I don’t care what the book says, I would never accept 12″ on one side, let alone 6″!

  8. Does shading the condensing
    Does shading the condensing unit help? If adequate clearances are provided around the unit, will shade from a fence or shrubs improve efficiency?

  9. According to FSEC 
    According to FSEC 
    “We conclude that any savings produced by localized AC condenser shading are quite modest (<3%) and that the risk of interrupting air flow to the condenser may outweigh shading considerations. The preferred strategy may be a long-term one: locating AC condensers in an unobstructed location on the shaded north side of buildings and depending on extensive site and neighborhood-level landscaping to lower localized air temperatures.” 

  10. You could just pull out those
    You could just pull out those shrubs and get a tricc utility cover. I am a general contractor, and I use them all the time on my jobs. The thing will make it seem as if the unit isn’t even there. Great innovation. Otherwise, I love the article. You made some very valid points. I wish every home owner was aware of the problems you brought up. When I do a job for someone who wants to plant around a unit I always try to warn them of the danger. Now I don’t have to worry about it, because I use those tricc covers. My customers love it.

  11. Great discussion! 
    Great discussion! 
    I have two 3-ton heat pumps that are beneath an eave that extends out 30 inches. But the units are about 15 inches from the house, so that the overhang is only about 15 inches over the units. The opposite side of the units are almost 2 foot from a block wall. The units are 4 feet apart and they are 4.5 feet beneath the eave. Nevertheless, exhausted heat from the condensor seems to recycle down from under the eave where hot air collects. 
    I currently have a big fan blowing away hot air from under the eave. It helps, as discharge pressures come down. 
    I need a permanent solution. AC guys talk about deflectors attached to the side of the unit which divert the air away from eave area. This, however, is not so easy, as the units are curved at the top.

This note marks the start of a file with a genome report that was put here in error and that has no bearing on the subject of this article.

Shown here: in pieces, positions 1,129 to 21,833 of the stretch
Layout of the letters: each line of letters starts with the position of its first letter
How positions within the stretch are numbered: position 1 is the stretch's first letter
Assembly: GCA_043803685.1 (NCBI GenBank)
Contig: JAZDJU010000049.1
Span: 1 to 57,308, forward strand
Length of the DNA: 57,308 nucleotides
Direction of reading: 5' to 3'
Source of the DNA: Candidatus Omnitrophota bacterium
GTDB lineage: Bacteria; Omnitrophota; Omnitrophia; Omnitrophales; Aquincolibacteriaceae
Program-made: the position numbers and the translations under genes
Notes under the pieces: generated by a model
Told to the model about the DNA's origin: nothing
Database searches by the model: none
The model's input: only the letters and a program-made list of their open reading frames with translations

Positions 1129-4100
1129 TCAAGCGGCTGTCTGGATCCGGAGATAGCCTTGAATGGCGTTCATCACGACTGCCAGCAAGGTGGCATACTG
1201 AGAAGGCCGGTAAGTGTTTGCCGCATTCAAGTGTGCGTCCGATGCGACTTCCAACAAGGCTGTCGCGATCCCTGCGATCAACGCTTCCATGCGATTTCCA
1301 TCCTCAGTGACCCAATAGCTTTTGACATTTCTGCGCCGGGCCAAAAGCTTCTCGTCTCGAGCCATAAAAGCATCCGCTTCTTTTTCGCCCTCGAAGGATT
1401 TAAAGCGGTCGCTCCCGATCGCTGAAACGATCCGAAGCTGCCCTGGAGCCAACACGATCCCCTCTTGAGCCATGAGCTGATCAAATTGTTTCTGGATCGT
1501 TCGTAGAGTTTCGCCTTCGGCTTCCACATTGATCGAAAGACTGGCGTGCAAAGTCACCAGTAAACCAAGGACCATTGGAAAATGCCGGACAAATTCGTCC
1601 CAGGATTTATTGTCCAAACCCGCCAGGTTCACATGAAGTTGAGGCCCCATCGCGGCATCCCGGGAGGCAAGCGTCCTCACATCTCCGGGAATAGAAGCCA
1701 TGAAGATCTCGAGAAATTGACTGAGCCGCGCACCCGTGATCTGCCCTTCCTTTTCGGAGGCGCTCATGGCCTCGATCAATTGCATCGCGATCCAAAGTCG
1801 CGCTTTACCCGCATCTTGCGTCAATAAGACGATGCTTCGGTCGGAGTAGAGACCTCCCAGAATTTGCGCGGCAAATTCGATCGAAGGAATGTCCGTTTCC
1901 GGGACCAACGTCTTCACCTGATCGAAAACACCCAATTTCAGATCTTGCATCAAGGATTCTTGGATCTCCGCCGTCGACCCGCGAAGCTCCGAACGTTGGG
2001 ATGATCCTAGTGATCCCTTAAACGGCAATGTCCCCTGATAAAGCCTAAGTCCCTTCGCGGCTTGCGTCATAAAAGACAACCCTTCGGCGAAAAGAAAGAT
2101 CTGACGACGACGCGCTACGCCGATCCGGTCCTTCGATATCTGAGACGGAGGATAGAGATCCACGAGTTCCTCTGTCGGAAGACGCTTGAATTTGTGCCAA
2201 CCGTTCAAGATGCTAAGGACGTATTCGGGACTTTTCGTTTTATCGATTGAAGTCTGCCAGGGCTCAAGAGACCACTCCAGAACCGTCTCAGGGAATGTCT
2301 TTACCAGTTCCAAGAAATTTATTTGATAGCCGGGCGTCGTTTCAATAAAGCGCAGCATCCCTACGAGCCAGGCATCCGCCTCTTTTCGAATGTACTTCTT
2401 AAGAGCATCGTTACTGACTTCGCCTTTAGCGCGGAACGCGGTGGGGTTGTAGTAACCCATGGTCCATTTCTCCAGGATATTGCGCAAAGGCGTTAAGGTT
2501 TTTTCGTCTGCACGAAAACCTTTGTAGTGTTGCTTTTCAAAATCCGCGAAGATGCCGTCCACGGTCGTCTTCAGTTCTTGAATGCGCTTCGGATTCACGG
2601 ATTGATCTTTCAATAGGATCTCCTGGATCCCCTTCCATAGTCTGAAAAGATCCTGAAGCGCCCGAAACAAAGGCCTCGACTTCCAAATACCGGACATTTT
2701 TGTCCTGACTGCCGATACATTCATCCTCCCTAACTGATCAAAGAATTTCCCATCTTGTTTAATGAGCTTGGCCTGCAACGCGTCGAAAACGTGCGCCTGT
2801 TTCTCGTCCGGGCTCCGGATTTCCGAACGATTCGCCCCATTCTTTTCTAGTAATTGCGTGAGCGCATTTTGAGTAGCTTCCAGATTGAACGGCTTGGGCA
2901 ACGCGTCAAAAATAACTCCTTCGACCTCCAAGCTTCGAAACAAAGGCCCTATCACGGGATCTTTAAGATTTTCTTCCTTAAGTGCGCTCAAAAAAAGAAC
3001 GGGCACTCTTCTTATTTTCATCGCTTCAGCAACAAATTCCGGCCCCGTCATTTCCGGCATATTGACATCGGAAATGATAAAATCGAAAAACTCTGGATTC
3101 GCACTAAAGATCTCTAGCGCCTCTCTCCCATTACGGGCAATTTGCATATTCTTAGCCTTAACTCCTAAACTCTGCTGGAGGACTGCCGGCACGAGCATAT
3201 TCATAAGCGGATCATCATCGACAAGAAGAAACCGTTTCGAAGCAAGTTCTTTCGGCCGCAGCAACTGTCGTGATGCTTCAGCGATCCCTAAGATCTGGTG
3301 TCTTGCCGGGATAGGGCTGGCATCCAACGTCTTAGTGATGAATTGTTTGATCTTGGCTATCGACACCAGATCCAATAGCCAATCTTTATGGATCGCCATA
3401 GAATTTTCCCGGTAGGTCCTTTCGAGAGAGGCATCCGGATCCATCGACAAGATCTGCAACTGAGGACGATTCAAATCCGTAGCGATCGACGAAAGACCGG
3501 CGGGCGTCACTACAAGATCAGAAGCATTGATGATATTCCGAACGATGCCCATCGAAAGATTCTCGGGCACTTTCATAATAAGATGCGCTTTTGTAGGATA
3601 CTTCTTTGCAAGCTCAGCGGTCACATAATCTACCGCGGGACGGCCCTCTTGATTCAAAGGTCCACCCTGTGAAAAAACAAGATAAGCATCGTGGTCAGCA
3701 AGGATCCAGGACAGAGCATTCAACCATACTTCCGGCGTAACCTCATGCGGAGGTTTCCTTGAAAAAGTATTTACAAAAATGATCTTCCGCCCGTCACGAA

Has anyone tried to cut a hole in an eave and put a simple exhaust fan? (power could come from one terminal of the contactor, etc). When the fan comes on, it would suck any hot air out from beneath the eave.

  12. We have two heat pumps at the
    We have two heat pumps at the back of the house. We have large overhangs that are about 15 feet above the units. The room they are next to is always cooler or warmer. Could the air discharge from the two units be hitting the windows and causing the room to be cooler or warmer because of the overhangs?  

  13. I have one of those new 5
    I have one of those new 5 foot tall X 30″ on each side condenser units. It’s huge! How can I work it into my landscaping? It’s squeezed in between my patio, house, and walk. I painted my previous smaller condenser with dark green heat-resistant Rustoleum and it worked out great. Can I do that with this one, too? I don’t want a huge fence, and there is not enough room to grow anything tall in front of it.

  14. @Suzanne, it’s ok to paint
    @Suzanne, it’s ok to paint the cover plates but do not under any circumstances paint the coil itself. That would pretty much ruin your day.  
    Sounds like your unit was located in a bad place. You might want to consider relocating the unit. The refrigerant lines would likely need to be re-routed instead of extended since there’s a limit to the line length.

  15. Thanks, David. It’s nice to
    Thanks, David. It’s nice to get a quick response! Would it be ok to put window-screen-like panels around it? I saw that done on a web site.

  16. @Suzanne, there’s no way to
    @Suzanne, there’s no way to predict. You’d have to have an HVAC tech check the head pressure with and without the screen to know for sure. 
    @Stan, 4.5′ overhang clearance may be within mfr spec, but with two units (even widely spaced as you indicated), I’m not surprised it’s causing enough feedback to affect heat pressures a bit. But installing a fan in the overhang is a lame idea, IMHO. If you’re willing to cut a big hole in the overhang, you’d be better off just removing a few feet of the overhang and reworking the frieze detail. 
    @Dave, an overhang at 15 feet will have little if any affect on the exhaust air, but if either unit is directly under a window, it wouldn’t surprise me if exhaust increases that window’s heat gain/loss. 
    Putting a condenser under a window is dumb, if just for noise transmission. If that’s the case, you should consider having the offending condenser moved away from the window. On the other hand, if neither unit is under a window, I seriously doubt there’s enough feedback from an overhang that high to affect your windows.

  17. I am interested in finding
    I am interested in finding out if I can place the outdoor part of a/c unit behind my detached garage instead of the house. The distance would be about 20′. Would any type of lines or electrical need to be run. The house is located in Northern Idaho.

  18. @Robin, a licensed HVAC
    @Robin, a licensed HVAC contractor needs to advise you on this. The distance may or may not be an issue, depending on how long the existing refrigerant lines are (the copper tubes that connect the outdoor unit to the indoor unit).  
    Moving a condenser requires evacuating and recovering the refrigerant and field-splicing additional copper tubing to the new location. The electric disconnect switch would also need to be moved or extended.  
    Each manufacturer has different limits on how long the refrigerant lines can be. Depending on the design of your home, it may be possible to re-route the refrigerant lines in a more direct route, rather than simply extend them.